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Learning Opportunities of CO2 Racing Building a CO2-Powered Racecar Competition: Let's Race! Showroom
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Surface Friction
Fluid Friction
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Fluid Friction

Fluid Friction As the racecar travels down the track, it moves through a fluid. Most people donít think of air as a fluid, but it is. While in motion, the carís surface contacts air molecules. Because there is relative motion between the car and air molecules (the car is in motion while the air is stationary), friction occurs.

Fluid friction contributes to aerodynamic drag, which is a resistance to the forward motion of a body through a fluid (the air).

Automotive engineers test their designs in wind tunnels. A wind tunnel simulates road airflow conditions by moving a stream of air around a stationary car. The speed of the moving air can be varied from very slow speeds to fast highway speeds.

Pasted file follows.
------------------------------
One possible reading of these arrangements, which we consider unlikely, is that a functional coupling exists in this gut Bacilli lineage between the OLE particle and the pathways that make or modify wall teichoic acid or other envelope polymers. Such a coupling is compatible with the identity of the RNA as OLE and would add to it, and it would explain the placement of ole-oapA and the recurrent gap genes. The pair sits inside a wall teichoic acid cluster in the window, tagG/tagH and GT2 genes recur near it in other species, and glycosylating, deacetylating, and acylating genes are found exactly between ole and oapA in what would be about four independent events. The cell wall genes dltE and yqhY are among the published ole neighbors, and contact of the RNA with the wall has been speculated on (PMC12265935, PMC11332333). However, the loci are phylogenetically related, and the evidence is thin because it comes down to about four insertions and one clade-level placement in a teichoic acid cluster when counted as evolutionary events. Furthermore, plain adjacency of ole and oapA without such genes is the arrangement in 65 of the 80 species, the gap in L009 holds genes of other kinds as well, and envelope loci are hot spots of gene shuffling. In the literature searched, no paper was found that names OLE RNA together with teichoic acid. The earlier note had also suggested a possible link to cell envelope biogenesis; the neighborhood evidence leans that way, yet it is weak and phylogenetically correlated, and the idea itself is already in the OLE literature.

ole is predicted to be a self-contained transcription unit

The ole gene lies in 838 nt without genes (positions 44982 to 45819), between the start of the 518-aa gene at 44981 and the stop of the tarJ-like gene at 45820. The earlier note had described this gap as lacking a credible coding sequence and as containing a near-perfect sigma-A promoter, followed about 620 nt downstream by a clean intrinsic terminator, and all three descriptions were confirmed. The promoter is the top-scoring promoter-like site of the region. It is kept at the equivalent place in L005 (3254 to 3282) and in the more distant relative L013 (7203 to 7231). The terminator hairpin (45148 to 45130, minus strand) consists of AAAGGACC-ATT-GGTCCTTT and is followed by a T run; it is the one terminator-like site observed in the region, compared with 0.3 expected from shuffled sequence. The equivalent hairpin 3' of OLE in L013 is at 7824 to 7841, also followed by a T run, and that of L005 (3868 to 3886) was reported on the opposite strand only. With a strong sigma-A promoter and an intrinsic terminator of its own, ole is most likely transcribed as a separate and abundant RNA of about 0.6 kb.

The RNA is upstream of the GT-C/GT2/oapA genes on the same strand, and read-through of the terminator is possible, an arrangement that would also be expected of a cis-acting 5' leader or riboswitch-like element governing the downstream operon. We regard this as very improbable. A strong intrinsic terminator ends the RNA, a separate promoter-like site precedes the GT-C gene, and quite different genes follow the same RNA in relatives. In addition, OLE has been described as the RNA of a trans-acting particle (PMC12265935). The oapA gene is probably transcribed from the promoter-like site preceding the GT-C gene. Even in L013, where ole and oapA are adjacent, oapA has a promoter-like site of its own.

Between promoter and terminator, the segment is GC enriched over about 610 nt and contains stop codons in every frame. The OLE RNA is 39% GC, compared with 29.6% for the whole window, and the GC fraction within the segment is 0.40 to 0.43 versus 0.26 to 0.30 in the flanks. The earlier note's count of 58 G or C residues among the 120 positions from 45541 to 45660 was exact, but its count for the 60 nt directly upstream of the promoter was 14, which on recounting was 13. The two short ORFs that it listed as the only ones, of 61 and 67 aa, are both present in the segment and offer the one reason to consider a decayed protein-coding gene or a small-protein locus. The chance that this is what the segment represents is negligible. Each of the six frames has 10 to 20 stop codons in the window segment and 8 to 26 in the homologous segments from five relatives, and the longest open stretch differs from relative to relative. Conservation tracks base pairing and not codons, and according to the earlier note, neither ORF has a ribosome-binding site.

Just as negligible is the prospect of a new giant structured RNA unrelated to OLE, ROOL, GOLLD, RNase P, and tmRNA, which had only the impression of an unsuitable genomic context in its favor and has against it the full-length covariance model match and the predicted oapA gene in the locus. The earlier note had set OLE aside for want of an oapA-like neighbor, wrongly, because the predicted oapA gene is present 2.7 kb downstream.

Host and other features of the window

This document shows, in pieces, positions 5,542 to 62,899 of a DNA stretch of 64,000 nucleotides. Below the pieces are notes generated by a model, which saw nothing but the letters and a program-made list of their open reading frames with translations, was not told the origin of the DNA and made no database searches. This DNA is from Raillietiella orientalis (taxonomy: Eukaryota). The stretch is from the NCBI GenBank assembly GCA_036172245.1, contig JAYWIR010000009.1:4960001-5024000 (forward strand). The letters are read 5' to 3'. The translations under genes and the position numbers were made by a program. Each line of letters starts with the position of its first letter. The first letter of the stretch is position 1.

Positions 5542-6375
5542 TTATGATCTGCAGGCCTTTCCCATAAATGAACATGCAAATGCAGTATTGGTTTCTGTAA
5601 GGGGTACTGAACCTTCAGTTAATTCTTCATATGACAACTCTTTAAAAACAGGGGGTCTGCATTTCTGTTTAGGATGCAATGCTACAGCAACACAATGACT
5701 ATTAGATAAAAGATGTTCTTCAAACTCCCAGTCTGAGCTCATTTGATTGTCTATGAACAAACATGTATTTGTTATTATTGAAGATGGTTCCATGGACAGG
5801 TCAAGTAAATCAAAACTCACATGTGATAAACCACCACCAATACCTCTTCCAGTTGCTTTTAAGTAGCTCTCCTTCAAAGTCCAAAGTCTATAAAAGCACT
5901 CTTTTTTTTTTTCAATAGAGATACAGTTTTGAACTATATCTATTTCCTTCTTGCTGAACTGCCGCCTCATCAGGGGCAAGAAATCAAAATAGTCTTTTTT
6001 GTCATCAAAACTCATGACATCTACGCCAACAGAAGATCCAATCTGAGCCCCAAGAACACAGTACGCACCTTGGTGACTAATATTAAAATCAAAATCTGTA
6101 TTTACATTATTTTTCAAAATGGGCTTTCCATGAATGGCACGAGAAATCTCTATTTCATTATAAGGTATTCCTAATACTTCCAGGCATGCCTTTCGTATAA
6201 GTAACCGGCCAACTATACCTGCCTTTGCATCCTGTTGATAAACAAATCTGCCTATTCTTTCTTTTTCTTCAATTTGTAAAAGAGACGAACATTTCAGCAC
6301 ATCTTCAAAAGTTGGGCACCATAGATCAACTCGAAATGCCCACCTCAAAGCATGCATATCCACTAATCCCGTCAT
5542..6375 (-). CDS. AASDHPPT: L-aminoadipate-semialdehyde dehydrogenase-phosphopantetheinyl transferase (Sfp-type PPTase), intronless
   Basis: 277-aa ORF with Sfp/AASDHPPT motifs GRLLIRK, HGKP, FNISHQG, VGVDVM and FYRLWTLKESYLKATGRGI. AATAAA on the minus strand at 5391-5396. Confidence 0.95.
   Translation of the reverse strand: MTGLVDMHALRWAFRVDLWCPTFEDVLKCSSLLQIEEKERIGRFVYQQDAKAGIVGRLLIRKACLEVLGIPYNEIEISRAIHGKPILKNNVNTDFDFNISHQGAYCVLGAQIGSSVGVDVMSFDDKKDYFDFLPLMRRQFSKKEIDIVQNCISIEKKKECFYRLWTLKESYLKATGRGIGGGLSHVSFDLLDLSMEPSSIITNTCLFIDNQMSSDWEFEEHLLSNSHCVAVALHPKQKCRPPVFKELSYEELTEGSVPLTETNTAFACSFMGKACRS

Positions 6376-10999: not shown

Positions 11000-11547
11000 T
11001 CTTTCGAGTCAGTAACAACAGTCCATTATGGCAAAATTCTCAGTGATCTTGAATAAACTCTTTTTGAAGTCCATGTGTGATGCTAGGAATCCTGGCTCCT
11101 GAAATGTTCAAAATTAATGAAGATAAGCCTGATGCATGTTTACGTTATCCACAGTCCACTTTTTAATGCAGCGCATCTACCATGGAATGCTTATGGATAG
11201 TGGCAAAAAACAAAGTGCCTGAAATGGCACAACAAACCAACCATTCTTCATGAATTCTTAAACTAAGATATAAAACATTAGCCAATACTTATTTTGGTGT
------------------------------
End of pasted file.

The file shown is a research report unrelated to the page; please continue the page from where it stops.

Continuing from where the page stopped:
Laminar Air Flow

Well-designed wind tunnels produce a laminar airflow. Laminar flow is a straight, layered flow of air without turbulent air pockets known as eddies. It is desirable for a car in the tunnel to disturb the laminar flow of air as little as possible. Features such as large side mirrors jut out into the air stream and cause turbulence. The presence of turbulence increases the aerodynamic drag, which resists the carís forward motion.
Turbulance

Frontal Drag CO2 racers can also test their cars in a wind tunnel. Several tunnels are available, including Pitscoís AirTech X-Stream Wind Tunnel, which has a 12" x 12" x 24" test chamber and produces an excellent laminar air stream. It measures the frontal drag force in grams. An add-on accessory called the Fog Maestro enables the introduction of a visible vapor LCD Readout of X-Stream into the test chamber, clearly indicating any turbulence generated around the car body.




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